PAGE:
small gaiwan), then it's perfect but then I have to heat up the kettle
once again.. Basically, it comes down to spending ~7 minutes to make
a 3-cup pot vs. spending at least ~45 minutes hanging around the kitchen,
heating kettle 2-3 times, timing the infusions right, and drinking
the tea leasurely. I could speed the whole thing up but then I have
to drink it too fast and that's no fun. If I could work in the kitchen
on the laptop, I would probably adjust eventually, but I hate the
laptop's keyboard.


What I end up doing is this: I have two 3-cup glass pots and I brew
in one of them, with no infuser, and then decant into the second one.
I have to say I was never able to make greens and yellows in a gaiwan
as nicely as I get them with this method, although I haven't tried
that many times. But.. it's just hard to imagine that it's possible
to make better green, yellow and black tea than that - very often
it comes out just perfect; I do like light tea--I think part of
the advantage of a gaiwan is that it's possible to make much stronger
tea without adding too much astringency and sourness; but light
tea suits me even better.


So, my only problem is oolongs and puerhs. The funny thing is that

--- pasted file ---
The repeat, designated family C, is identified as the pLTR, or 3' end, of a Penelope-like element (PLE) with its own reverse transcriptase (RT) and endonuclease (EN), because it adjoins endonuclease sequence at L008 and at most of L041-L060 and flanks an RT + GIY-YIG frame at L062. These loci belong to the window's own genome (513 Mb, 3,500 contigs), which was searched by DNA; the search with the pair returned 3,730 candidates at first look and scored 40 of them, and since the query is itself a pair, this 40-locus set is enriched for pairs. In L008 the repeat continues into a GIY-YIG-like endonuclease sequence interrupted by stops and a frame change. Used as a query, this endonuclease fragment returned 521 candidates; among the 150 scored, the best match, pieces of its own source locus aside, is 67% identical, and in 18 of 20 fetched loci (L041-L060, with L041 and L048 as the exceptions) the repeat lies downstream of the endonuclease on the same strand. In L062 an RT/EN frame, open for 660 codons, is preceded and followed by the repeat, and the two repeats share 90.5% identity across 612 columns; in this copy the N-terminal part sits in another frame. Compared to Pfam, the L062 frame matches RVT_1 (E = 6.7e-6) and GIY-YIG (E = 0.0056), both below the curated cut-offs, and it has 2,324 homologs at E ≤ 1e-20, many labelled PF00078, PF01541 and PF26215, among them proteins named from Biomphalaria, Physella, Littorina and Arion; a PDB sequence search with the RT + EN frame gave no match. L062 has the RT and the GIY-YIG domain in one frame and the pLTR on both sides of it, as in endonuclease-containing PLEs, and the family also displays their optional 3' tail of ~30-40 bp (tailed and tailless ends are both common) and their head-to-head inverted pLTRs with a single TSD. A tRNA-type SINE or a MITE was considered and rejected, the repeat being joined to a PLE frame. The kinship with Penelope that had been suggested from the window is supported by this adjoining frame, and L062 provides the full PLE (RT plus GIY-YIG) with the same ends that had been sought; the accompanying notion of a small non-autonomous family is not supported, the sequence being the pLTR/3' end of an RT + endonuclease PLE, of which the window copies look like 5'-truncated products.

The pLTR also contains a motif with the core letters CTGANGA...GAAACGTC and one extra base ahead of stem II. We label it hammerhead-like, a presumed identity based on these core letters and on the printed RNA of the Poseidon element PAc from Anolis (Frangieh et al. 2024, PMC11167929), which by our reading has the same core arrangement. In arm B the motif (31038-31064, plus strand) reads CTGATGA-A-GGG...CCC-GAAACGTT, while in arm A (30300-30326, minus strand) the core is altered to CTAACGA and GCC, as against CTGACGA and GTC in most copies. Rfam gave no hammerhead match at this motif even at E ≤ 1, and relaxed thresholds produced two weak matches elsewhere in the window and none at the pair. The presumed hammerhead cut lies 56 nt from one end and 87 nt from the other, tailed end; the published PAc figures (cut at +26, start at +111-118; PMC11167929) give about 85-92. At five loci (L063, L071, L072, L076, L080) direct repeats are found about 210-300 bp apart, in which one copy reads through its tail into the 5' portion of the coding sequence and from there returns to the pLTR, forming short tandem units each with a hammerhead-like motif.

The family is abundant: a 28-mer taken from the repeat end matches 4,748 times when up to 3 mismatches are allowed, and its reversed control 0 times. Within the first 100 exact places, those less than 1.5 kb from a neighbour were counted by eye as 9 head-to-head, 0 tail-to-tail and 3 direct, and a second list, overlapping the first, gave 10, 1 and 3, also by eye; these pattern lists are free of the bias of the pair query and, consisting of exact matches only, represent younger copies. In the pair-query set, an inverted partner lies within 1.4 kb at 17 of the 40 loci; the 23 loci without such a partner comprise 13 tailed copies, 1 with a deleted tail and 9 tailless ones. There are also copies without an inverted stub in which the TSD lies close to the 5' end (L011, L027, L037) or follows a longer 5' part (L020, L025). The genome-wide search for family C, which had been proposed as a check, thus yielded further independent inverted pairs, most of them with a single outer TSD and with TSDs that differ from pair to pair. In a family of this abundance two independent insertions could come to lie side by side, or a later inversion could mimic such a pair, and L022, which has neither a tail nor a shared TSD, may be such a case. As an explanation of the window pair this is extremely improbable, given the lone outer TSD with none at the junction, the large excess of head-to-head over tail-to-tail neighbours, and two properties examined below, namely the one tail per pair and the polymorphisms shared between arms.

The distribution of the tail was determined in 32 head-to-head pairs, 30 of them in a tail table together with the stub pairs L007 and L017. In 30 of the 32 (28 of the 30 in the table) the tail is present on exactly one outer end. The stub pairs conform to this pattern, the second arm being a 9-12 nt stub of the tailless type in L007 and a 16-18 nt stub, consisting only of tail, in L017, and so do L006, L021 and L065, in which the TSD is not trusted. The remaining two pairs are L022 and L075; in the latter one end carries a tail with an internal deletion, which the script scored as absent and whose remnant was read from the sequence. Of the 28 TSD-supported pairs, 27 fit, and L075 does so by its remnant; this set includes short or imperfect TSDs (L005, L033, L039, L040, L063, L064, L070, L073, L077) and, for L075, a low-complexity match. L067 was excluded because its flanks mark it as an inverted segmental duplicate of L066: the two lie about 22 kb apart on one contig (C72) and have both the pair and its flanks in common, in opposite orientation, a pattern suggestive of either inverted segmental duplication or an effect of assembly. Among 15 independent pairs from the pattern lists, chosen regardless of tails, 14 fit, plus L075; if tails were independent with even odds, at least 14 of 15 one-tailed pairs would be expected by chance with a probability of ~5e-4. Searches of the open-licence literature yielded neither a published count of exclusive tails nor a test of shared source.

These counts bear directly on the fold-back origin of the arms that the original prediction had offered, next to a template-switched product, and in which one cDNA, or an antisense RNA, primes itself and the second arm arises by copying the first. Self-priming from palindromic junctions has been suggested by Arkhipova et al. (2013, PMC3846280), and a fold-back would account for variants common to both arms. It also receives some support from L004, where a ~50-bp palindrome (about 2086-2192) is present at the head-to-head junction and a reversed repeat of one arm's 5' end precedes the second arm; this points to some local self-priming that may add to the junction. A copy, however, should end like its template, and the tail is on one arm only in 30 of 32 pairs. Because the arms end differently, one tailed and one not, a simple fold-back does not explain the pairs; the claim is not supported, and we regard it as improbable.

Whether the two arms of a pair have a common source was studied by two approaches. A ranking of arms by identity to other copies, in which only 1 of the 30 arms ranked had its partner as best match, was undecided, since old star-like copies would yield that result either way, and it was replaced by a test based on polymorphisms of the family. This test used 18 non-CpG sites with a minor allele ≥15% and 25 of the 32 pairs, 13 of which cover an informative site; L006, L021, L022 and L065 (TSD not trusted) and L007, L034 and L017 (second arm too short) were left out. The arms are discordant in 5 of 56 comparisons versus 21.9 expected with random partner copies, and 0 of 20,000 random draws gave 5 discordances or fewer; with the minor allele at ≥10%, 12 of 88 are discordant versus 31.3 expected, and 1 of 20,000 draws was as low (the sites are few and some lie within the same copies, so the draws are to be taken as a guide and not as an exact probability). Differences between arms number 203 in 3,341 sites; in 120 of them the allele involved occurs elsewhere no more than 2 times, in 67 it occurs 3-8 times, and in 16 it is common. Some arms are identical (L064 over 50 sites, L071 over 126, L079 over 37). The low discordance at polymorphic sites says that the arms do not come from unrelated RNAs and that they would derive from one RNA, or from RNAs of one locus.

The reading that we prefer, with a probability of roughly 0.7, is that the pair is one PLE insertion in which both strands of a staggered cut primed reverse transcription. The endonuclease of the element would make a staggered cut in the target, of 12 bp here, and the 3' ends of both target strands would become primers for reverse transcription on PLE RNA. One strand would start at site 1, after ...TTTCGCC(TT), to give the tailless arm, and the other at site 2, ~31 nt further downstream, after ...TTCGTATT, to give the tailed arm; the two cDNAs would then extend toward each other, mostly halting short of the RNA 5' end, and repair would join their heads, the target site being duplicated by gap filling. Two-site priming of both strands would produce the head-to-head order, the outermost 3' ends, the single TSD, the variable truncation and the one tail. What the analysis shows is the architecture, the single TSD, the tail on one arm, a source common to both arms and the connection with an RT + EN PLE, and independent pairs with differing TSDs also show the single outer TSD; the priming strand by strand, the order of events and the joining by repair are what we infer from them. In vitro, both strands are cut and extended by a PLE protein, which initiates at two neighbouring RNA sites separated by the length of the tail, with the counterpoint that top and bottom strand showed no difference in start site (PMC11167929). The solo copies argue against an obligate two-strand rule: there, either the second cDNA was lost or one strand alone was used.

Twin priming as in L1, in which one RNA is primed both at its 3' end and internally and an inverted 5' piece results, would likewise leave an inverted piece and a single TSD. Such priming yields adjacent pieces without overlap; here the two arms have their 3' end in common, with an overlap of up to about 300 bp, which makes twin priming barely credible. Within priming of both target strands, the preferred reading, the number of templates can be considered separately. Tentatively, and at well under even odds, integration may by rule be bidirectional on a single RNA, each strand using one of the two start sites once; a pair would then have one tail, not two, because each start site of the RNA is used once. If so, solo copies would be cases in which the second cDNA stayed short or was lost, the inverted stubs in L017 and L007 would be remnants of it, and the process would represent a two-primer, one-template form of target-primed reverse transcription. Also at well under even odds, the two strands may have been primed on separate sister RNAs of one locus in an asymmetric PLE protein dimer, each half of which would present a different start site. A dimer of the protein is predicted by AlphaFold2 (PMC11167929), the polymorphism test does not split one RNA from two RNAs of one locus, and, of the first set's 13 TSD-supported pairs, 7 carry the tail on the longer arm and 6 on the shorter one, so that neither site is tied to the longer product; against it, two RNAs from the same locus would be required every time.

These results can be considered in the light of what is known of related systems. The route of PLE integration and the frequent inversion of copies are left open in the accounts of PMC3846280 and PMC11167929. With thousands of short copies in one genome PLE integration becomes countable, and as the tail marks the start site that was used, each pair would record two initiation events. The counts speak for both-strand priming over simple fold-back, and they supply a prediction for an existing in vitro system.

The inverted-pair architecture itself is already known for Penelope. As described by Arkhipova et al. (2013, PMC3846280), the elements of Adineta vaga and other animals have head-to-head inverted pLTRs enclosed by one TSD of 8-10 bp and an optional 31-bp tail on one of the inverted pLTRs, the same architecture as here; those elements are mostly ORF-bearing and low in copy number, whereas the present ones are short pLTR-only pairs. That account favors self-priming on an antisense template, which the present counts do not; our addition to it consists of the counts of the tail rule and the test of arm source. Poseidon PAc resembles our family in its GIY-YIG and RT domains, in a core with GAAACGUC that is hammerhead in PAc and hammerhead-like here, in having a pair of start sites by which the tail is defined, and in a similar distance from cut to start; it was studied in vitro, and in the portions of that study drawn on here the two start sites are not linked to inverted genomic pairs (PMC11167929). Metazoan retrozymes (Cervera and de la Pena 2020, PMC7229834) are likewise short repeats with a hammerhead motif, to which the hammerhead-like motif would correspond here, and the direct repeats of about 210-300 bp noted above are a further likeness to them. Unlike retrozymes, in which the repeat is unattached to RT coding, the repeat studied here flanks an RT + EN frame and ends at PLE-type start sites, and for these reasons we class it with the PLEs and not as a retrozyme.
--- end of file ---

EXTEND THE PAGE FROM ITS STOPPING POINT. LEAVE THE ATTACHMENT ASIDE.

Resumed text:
I keep buying them and I do like them so they just keep accumulating
and... it's a good thing that they don't go stale! (well, greener
oolongs might..). But I found that I can make green oolongs quite
nicely with glass pots, too, with less leaf and longer infusions.


What I really need is one of those butane portable burners they
sell in some stores in chinatown. I saw one for only $15 and I'm
still kicking myself that I didn't get it back then.. That will
solve my puerh and oolong problem! -ak


Oh, well maybe we are on two different pages. Let me step back and
kind of qualify what I was saying. For me 3-4 gaiwans is what I am
aiming for in a typical brewing, not speed or volume which may be more
of where I misunderstood your initial question. I can probably get 4-5
gaiwans brewed with one heated pot of water, so probably 400-600ml
(14-20oz.) of tea which doesn't really require any time investment
beyond the initial "boil" of maybe 5-7 minutes and a couple trips back
to the kettle for more water. At most I might reheat the water once
more or heat a fresh pot to boil for the last rounds or if I've spread
it out over a longer time period and the water has cooled.


I have a gaiwan that's about 1.5-2oz, that might be part of the reason
why it's more labour intensive, but I feel there's an advantage, too,